The logic of immigration goes something like this. Business needs labor, opening the door to immigration brings in labor which helps meet the needs of business, generates new businesses, and gives everyone a better life.
Businesses decide it's cheaper to do business in the unregulated third world where they'll be able to hire the same exact employees they're getting here for a fraction of the wages and without the taxes or social services they have to provide here. The immigrants however remain behind becoming an even bigger burden to the state, which raises taxes even further and drives more businesses overseas, creating a cycle of job losses and social problems, that can't be broken until immigration, tax or social welfare policies change.
Immigration properly handled can be a boon, however two major factors have turned immigration into a loss. First of all the quality of immigrants has dropped a great deal. Today the same Irish immigrants who built up America have trouble getting in the Golden Door against the press of Third World immigrants. Yet it's clear which group has more to offer and which will take less and give more back.
Secondly the expanding matrix of social services expands costs on local communities and governments, which are then passed along to businesses and working class people. Immigration then serves to precipitate depression.
Since capitalist systems naturally run in boom and bust cycles, but immigration policy does not, the system is set up to insure a surplus of immigrants that will quickly become a crime wave during the bust part of the cycle. The social problems created by this can be seen in virtually every major urban city. The problem is worse in Europe as the recent Paris riots demonstrated.
Immigration only works when there is social and economic mobility. Surplus immigration however creates a permanent underclass with the accompanying rage, violence and cultural assaults of an angry underclass.
The problem is that immigration has stopped being an economic process, and become a political one. Slogans such as "A Nation of Immigrants" only worsen the problem by treating immigration as inevitable, rather than a choice.
When a political process supersedes an economic one, the result is inefficiency and general chaos. That is the status of immigration today. Since the days when Tammany Hall first discovered that immigrants were a fantastic asset for voting in Democratic politicians, immigrants have become a handy tool for liberal politicians looking to maintain a plantation voting base. The logic behind immigration remains that same political logic, "if we let them, they will vote for us". (Not that conservative politicians are immune from this type of thinking either.)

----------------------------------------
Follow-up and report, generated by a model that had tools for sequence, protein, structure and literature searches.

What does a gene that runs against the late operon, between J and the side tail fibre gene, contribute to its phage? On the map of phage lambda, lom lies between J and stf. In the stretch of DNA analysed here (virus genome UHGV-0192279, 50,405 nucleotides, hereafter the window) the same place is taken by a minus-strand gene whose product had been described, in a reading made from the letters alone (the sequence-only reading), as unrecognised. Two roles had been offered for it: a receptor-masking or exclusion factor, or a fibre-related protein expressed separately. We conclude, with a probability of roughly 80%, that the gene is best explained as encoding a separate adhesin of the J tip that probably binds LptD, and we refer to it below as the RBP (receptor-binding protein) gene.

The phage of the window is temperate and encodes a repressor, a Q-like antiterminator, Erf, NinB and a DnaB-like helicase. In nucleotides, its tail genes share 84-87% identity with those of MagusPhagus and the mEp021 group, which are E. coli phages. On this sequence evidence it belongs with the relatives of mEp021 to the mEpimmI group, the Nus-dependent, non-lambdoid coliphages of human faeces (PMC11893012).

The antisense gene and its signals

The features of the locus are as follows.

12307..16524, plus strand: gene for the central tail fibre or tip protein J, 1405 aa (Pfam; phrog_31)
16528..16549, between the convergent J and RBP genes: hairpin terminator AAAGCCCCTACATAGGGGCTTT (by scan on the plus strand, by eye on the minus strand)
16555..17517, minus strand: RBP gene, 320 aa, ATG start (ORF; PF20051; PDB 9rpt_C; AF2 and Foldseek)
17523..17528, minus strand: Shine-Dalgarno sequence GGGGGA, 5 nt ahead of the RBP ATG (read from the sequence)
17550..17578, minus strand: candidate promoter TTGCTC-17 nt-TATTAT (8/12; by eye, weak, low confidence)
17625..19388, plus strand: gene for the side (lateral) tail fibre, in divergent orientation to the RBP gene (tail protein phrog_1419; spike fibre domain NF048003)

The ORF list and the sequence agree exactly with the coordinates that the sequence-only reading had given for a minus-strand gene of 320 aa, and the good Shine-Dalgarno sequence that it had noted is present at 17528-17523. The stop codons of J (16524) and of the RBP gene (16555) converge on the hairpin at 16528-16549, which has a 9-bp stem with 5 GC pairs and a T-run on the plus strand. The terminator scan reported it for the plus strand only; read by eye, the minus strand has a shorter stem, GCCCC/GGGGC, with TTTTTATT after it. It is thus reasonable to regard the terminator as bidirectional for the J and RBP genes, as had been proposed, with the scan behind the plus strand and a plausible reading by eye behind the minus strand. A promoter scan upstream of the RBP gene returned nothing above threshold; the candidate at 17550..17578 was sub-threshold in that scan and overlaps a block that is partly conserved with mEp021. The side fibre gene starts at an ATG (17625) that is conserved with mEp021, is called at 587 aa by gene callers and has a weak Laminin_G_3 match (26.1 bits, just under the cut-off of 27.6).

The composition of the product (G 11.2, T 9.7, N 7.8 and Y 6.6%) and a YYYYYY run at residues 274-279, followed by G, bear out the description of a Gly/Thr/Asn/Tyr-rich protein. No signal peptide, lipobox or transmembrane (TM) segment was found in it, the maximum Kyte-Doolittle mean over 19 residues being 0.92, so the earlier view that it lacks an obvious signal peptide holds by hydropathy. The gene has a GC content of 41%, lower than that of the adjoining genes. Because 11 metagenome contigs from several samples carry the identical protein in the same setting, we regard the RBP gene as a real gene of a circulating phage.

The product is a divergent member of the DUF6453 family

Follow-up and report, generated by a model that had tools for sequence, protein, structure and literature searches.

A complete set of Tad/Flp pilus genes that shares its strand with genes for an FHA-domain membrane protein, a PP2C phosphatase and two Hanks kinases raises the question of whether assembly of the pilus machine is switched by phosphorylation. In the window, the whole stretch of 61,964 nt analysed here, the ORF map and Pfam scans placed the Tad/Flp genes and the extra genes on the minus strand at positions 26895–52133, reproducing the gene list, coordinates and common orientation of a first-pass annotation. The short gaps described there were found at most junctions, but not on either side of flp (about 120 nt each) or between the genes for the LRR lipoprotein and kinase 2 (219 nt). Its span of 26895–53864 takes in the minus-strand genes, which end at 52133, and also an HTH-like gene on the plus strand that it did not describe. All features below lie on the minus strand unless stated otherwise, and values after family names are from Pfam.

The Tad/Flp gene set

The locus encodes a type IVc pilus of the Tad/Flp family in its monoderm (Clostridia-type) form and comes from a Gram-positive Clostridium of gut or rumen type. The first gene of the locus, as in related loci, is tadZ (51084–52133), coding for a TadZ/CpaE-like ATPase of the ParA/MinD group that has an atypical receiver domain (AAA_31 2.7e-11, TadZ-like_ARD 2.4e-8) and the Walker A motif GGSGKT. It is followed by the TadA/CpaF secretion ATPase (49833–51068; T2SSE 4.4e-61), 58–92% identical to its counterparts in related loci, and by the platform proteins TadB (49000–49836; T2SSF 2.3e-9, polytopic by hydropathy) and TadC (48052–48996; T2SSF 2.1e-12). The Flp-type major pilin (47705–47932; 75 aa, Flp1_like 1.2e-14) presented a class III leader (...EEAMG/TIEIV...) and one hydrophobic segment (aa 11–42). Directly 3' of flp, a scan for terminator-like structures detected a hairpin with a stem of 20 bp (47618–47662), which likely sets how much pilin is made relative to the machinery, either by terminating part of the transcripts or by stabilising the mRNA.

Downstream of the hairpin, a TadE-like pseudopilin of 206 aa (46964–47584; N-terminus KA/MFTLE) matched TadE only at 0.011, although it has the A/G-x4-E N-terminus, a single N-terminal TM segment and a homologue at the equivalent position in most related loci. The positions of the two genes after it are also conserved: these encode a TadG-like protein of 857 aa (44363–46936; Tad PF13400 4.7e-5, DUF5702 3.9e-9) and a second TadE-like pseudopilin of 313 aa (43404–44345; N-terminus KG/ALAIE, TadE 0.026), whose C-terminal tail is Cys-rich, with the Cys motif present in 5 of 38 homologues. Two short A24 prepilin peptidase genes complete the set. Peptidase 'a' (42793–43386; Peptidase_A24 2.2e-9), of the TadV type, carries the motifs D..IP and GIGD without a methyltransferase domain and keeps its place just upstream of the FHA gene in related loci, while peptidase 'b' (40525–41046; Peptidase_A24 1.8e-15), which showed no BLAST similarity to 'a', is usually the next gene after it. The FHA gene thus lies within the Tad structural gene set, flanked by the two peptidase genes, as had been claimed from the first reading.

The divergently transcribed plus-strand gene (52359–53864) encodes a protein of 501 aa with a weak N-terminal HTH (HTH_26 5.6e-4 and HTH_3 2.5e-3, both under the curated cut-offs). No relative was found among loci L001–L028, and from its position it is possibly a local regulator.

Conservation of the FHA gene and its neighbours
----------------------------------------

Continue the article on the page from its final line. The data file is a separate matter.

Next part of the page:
Immigration has become a poorly structured and politicized process, and the result is that the high cost of immigration only continues to grow. Businesses which are given the choice between employing Pedro or Ahmed for 12 dollars an hour in America or 12 cents an hour at home, will make the perfectly logical economic decision to move abroad. And businesses that don't, as well as ordinary Americans will be stuck with the social health and welfare costs for Pedro and Ahmed's extended families.
This situation naturally results in a large demand for undocumented immigrants who can be paid much less. However typically even undocumented immigrants have families who add to the social health and welfare costs, even more so than legal immigrants as they have fewer job options and less likelihood of possessing the skills or literacy to get a better paying job. And of course undocumented immigrants are far more likely to engage in criminal activities.
This kind of self-defeating process can't go on indefinitely, but it can go on long enough to destroy social and business structures, while creating a massive welfare state, extremes of social instability and commonplace crime and violence. The way forward is to reform immigration, to view it as a job interview rather than a sovereign right, and to bring in only what the country can support, not only for today's economic boom, but for tomorrow's economic bust as well.